2010. Acrobat.com added kind of shared workspaces



Now it's time for another portion of criticism towards the Acrobat.com online office. The last time we reviewed the service, they introduced many useful features, but now they are doing strange things again. Although the press release looks nice: Acrobat.com added online collaboration work-spaces. In fact, they added only shared folders were you can invite your co-workers / clients for file collaboration. Previously, it was possible to share only separate files. So there is more PR than improvements made during several months. Besides Adobe decided that online shared folders - it is so demanded tool on the market that they can make money on it. Although the cost of service was not risen, but the free version allows to create only one workspace (shared folder), and the Premium Basic plan (which costs $15/month) - is limited to 20 shared folders. In addition (very odd) you can't access shared folders on your mobile device (Blackberry and iPhone).


2009. Rackspace enters the enterprise collaboration market



Rackspace is known first of all as the top Amazon competitor on the Cloud Computing platforms market (Amazon Web Services vs Rackspace Cloud). But while Amazon continues developing its IaaS niche (Infrastructure for third-party web services), Rackspace decided to create its own Web services for the enterprise market. In May they launched Rackspace Email - hosted email server, and today they released Rackspace Cloud Drive - the enterprise file collaboration solution. Interesting that Rackspace also provides hosted Exchange and Sharepoint (that compete with its own services), but positions the own apps between the cheap but possible less robust Google Apps and the top-shelf Microsoft options. Rackspace Email for 1$ per month provides 10Gb mailboxes. It provides the rich web-interface and can sync with the main mobile clients (BlackBerry, iPhone, Windows Mobile). On the desktop you can use MS Outlook or any other mail client. Rackspace Email ensures high security (SSL, backups, virus and spam protection) and reliability (after all, it's one of the most reliable hosting on the Web). In addition to email management, service includes a contact manager, group calendar, tasks and notes.But, compared to Exchange, it lacks task management features and shared folders. Everything is ok with folders sharing in Rackspace Cloud Drive. It provides version control and access control systems. Besides, it includes a desktop client and can sync files and folders between multiple computers and mobile devices. Rackspace Cloud Drive also can be used for online backup creation. And its payment scheme is very similar to Amazon S3 - you pay only for the resources (memory, traffic), which actually used. All this makes Rackspace Cloud Drive a very serious competitor to the leading file collaboration tools, such as Box.net. Cloud Drive is powered by Jungle Disk, which Rackspace acquired last year.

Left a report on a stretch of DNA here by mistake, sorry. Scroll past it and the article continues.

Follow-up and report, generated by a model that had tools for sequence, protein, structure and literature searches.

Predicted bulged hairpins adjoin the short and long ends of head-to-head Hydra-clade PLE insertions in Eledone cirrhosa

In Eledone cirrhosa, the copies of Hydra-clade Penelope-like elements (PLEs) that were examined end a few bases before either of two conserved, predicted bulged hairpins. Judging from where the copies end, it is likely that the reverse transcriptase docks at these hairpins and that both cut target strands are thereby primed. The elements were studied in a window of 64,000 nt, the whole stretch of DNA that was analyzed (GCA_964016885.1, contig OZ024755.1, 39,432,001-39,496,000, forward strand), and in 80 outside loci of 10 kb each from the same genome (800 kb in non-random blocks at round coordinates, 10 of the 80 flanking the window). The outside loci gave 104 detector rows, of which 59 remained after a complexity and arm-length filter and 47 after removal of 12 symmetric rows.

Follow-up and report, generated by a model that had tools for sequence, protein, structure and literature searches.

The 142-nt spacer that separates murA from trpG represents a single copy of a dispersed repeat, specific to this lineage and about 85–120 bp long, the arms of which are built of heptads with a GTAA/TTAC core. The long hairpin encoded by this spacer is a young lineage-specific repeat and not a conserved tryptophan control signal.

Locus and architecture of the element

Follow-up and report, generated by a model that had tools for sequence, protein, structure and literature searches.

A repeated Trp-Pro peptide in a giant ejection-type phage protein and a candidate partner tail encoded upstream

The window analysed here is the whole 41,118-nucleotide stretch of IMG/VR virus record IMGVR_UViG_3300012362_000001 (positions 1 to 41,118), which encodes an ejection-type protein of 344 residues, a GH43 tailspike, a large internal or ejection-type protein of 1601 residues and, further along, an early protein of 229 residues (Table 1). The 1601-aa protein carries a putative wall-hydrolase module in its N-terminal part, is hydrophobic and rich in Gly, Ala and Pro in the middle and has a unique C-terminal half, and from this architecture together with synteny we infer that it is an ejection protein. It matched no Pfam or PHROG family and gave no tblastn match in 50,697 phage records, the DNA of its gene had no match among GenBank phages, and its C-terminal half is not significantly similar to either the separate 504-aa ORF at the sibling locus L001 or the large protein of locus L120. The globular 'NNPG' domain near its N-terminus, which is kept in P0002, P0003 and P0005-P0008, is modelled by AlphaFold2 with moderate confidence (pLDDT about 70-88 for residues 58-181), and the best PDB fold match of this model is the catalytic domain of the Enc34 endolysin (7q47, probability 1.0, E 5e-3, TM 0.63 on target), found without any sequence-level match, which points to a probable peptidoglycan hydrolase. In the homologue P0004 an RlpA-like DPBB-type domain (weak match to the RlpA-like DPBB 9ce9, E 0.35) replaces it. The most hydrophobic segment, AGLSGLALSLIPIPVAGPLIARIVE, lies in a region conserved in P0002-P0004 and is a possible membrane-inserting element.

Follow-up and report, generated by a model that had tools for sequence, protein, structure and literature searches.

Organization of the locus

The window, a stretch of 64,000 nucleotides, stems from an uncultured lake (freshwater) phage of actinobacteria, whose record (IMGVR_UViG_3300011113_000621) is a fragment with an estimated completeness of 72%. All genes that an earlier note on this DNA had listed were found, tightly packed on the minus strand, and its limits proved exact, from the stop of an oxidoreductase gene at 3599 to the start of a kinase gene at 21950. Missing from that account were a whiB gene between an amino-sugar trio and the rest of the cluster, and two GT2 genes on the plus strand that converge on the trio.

2009. SugarSync opens business accounts